Seagate's_clean_room-1

Kickstarter was built for creative people — filmmakers, songwriters and artists. The fact that tech projects and gadgets have found a home there is just a very lucrative bonus for the company. Since it’s genesis in 2009, Kickstarter has facilitated $881 million worth of pledges. Tech is its fourth-largest category, beating out music, art and publishing with $96 million in pledges.

The problem comes when those tech projects bring their own unique commercial challenges, which many amateur inventors aren’t prepared to deal with. Often they launch a campaign based on a prototype they’ve built as a way to see whether anyone is actually interested in their cool idea. When they suddenly find themselves needing to manufacture and ship 10,000 units, things can get ugly. Pebble Watch is the most famous example — the company’s idea for a smartwatch was extremely popular and broke Kickstarter’s fundraising record with more than $10 million in pledges. But it was late to deliver its product and a minor backlash ensued. Kickstarter made it clear to the world that it is not responsible for what happens after you fund a project with its blog post, “Kickstarter Is Not a Store.”

Plenty of enterprising people see opportunity in Kickstarter’s hands-off position. Crowdfunded hardware is ripe for commercialization and professionalization. For example, a former post officer PandoDaily profiled is on track to make half a million dollars this year selling Apple accessories from Kickstarter campaigns on his site, Bitemyapple.

Commerce is not the only area where Kickstarter has taken a hands-off approach. Kickstarter does not vet its projects before they begin to fundraise. Instead, the site asks backers to do their own research before deciding to back a project. From the site’s policy:

Kickstarter does not guarantee projects or investigate a creator’s ability to complete their project. On Kickstarter, backers (you!) ultimately decide the validity and worthiness of a project by whether they decide to fund it.

Again, where Kickstarter takes neutral ground, others see opportunity. Boston-based Dragon Innovation, which PandoDaily profiled in September, is one such company. Run by the hardware vets behind the Roomba, Dragon Innovation has operated for years as a consultant to young hardware startups. CEO Scott Miller and his team have deep connections in China and have helped companies including Pebble, as well as Makerbot, Orbotix and Romotive grow from cool prototypes to real businesses.

This year Dragon Innovation launched its own crowdfunding site tailored specifically to hardware products. The idea is that Dragon Innovation’s consultants can offer expertise in design, materials, costs, manufacturing, packaging, shipping, pricing and distribution — far beyond Kickstarter’s hands-off approach — to young hardware tinkerers. And in exchange, they can cut into Kickstarter’s dominant market position as a source for new, innovative gadgets. Besides, even though tech is the fourth-largest category of Kickstarter projects, tech campaigns have one of the lowest success rates at 34 percent. What’s more, the majority of tech projects ship late.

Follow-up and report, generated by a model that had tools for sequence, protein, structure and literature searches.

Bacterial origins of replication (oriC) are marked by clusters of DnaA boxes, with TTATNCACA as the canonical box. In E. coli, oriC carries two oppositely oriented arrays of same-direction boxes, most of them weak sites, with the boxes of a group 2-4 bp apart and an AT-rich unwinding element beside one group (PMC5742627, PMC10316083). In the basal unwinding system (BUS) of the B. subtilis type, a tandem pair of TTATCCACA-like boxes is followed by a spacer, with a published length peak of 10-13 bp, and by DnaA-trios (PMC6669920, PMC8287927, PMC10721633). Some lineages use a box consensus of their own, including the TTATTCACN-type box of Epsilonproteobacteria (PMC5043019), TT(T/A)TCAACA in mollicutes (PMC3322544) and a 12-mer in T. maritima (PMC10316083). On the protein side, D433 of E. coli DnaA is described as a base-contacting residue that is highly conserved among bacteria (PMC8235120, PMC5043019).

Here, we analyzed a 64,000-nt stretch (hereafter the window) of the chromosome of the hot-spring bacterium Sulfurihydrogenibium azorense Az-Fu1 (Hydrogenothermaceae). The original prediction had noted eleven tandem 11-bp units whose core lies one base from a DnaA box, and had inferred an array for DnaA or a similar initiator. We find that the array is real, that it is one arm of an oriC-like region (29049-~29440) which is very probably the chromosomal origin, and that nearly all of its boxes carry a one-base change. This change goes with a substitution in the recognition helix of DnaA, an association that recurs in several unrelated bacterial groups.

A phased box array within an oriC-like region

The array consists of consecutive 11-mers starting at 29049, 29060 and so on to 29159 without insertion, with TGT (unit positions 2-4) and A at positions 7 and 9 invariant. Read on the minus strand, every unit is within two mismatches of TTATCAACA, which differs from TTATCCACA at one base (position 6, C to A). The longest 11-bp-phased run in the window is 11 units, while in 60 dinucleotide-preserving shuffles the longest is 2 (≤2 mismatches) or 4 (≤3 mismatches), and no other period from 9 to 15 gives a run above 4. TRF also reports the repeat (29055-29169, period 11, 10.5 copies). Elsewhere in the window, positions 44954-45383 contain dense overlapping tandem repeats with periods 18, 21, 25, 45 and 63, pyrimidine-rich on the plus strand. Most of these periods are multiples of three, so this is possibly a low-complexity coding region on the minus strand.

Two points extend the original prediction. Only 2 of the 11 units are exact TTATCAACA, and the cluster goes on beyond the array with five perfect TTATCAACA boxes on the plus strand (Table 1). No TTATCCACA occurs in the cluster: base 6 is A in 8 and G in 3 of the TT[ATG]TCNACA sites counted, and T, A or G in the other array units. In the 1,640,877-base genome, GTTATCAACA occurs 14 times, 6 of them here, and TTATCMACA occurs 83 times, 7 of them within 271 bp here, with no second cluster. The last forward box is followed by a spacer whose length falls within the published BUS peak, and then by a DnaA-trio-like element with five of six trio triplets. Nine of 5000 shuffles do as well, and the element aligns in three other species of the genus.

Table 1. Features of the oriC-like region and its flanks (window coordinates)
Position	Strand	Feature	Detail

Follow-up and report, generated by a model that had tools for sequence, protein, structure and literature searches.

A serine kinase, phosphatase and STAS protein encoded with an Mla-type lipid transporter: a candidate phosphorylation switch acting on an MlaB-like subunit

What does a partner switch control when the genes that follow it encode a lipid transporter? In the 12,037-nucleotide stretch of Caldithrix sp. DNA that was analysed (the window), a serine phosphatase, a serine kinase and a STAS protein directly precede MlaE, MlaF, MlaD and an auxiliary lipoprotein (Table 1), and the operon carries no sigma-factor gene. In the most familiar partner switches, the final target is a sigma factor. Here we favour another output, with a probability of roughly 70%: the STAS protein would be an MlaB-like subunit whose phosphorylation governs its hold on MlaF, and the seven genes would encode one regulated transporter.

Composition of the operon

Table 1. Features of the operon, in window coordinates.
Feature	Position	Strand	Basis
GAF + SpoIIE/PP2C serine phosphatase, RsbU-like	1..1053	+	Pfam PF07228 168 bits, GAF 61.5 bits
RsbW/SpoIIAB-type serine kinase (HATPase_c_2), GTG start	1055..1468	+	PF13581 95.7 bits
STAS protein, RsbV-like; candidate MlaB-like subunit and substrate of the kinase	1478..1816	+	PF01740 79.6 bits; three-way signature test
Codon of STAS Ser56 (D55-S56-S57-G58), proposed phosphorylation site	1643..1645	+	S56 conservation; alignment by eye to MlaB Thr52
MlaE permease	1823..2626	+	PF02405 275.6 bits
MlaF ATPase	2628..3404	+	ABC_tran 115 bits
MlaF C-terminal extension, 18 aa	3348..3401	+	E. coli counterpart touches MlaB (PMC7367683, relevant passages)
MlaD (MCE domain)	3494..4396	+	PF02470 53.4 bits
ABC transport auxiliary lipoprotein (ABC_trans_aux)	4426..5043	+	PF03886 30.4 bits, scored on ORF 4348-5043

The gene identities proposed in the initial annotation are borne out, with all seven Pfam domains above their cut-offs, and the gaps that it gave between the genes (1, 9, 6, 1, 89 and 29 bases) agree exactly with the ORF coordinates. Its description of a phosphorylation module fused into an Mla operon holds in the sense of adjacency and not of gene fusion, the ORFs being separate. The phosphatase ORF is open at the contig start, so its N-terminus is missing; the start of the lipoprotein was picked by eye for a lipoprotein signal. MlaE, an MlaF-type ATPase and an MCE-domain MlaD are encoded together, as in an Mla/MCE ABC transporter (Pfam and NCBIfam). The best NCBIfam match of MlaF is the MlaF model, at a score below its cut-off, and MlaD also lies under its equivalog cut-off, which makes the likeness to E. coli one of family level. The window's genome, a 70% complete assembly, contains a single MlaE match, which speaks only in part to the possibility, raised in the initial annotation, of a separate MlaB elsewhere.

Dragon Innovation hopes to change that with a better track record. And yes, it is a store, too.

Today another hardware-focused competitor launches, with even closer ties to Asian manufacturing — it operates out of Hong Kong. HWTrek has been called a cross between Kickstarter and Alibaba. It was created by Lucas Wang, who has been a venture investor with the firm TMI Holding Corp. TMI operated an incubator for hardware startups, and decided to open that program up to become a platform.

Wang has built a network of hardware 80 experts who team up with startups who list their crowdfunding campaigns on the platform. These experts volunteer because they want to keep their fingers on the pulse of hardware design and innovation, Wang says. They include Charles Huang, who co-created Guitar Hero, Idan Beck, who founded the company which makes gTar, and Brian Lamb, who founded Swivl.

Startups sign up because they want access to the manufacturing connections HWTrek and its experts have. The company plans to have business relationships with 150-200 manufacturers, Wang says.

More important than the connection to manufacturers is the design expertise. HWTrek helps startups optimize for costs, timing and future orders. For example, Wang says, “Sometimes startups are using TI’s solutions, but maybe those are not in production anymore, or they are closing it and cut down support. If you try to use it for mass production, it would be super expensive. … We know which solutions are most popular and can find a balance between price and effectiveness.”

While it is free to launch a campaign, HWTrek charges a healthy fee to startups which decide to use its consulting services on production management. The fee ranges depending on the complexity of the product. But Wang maintains that his experts can help startups save 30 percent to 40 percent of their costs, which more than makes up for the fee. “If you cannot ship or have troubles with production, we charge nothing,” he adds.

The site launches with five projects: Guardian, a bluetooth tracking device for parents, Snooperscope, an infrared camera for low lighting and darkness, The SIM+, an iPhone 5 case which connects multiple SIM Cards to a phone at once, VisitorBot Mini,a small, smartphone-operated robot, and Zuke, an iPhone backup battery.

Early participants will be awarded matching funds from a $200,000 fund which HWTrek has set up, Wang says.

This post has been updated to clarify that it is free to list a project on HWTrek. 

Image via Wikimedia commons